Let’s Explore The Blues – Lonnie Johnson


Lonnie Johnson playing in Chicago, 1941. Origi...

Lonnie Johnson was another of the great 20’s and 30’s blues-men.  The difference in this case is that there is video of him performing his craft.  To get us in the mood for his story, here is Lonnie playing “Another Night To Cry“.

Another Night To Cry

Lonnie’s story begins in Louisiana, where he was born in 1899.  Like most families of that era, tragedy struck early and often.  While on tour in England in 1917, he returned to his home in 1919 only to find that his entire family, except one brother, James, had died in the 1918 influenza epidemic.  They moved to St. Louis, where he honed his craft, eventually winning a blues contest in 1925.  The prize, luckily for us, was a recording contract with Okeh Records.  His career took off at this point, appearing on recordings of such greats as Louis Armstrong, Victoria Spivey and Bessie Smith.

She’s Only A Woman

His guitar style is a jazz-blues mix.  His playing was so different from the standards of the day that he has been widely credited with creating the “guitar solo”.  He also mainstreamed the jazz guitar, showing along the way that is was a practical and important innovation to the blues scene of the day.  A true pioneer.

There is a story that says that Robert Johnson saw Lonnie as his idol.  Some say that a lot of Robert’s songs were merely updated versions of Lonnie’s tunes.  It is also said that Robert used say he was Lonnie’s brother even though they were not related.

He eventually left Okeh Records to begin recording with Decca Records.  He continued to play and tour with the best.  He morphed to the R&B side of things once WW2 ended.  One of his major hits of the time was a song that was later recorded by Elvis early in his recording life.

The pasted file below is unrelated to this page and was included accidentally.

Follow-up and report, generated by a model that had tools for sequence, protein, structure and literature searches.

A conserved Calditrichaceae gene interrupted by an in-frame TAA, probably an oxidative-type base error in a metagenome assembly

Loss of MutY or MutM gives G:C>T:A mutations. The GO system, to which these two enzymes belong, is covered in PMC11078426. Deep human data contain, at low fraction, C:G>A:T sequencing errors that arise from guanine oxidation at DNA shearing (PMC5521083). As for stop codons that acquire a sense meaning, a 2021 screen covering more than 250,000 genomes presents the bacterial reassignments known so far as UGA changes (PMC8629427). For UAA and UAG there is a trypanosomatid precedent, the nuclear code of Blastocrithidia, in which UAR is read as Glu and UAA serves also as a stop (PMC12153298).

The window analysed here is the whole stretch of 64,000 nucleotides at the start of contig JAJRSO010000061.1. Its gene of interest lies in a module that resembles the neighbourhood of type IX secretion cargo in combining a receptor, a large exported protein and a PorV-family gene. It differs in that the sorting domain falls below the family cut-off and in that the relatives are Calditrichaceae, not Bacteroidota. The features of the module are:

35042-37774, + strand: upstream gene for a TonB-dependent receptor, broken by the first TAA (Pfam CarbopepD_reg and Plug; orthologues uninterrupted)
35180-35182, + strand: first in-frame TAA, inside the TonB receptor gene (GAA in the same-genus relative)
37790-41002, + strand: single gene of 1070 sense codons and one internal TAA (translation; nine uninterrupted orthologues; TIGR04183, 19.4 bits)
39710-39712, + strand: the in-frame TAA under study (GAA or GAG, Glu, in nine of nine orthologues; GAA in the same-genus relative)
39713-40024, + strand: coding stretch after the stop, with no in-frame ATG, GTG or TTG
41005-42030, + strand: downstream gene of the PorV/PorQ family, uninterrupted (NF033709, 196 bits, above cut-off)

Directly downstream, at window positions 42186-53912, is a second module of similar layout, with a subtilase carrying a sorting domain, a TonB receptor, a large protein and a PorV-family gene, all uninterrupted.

Tomorrow Night

The Elvis version.

Lonnie ended up in Toronto, Canada where he set up a blues club.  Unfortunately it failed.  In 1969, he was hit by a car.  He never fully recovered, and died in June of 1970.  Prior to his death, he sang a few songs at a benefit concert in his honour.  Players that paid their respects were people like Buddy Guy, Hagood Hardy and John Lee Hooker.

Too Late To Cry

About John

I enjoy travel, sports, music and anything else that jumps up at me for the moment, which is why I blog. There will be lots of music and travel posts and a smattering of sports and humour. I enjoy promoting Canada and am unabashedly a proud Canuck.

Posted on February 27, 2012, in Artists, Blues, History, Music and tagged , , , , . Bookmark the permalink. 6 Comments.

  1. The goods.
    I’m guessing he got the archtop guitar to fit his style. The other pics show him with a flattop….

  2. Hi,
    I haven’t heard of him before at all, so Thank You for putting in the video’s. He certainly was very talented. I felt a bit sad when I read that he started a Blues Club and it didn’t work out, it must of been a dream of his for many years.

  3. Definitely one of my favorite blues artists. Great addition to the blues exploration

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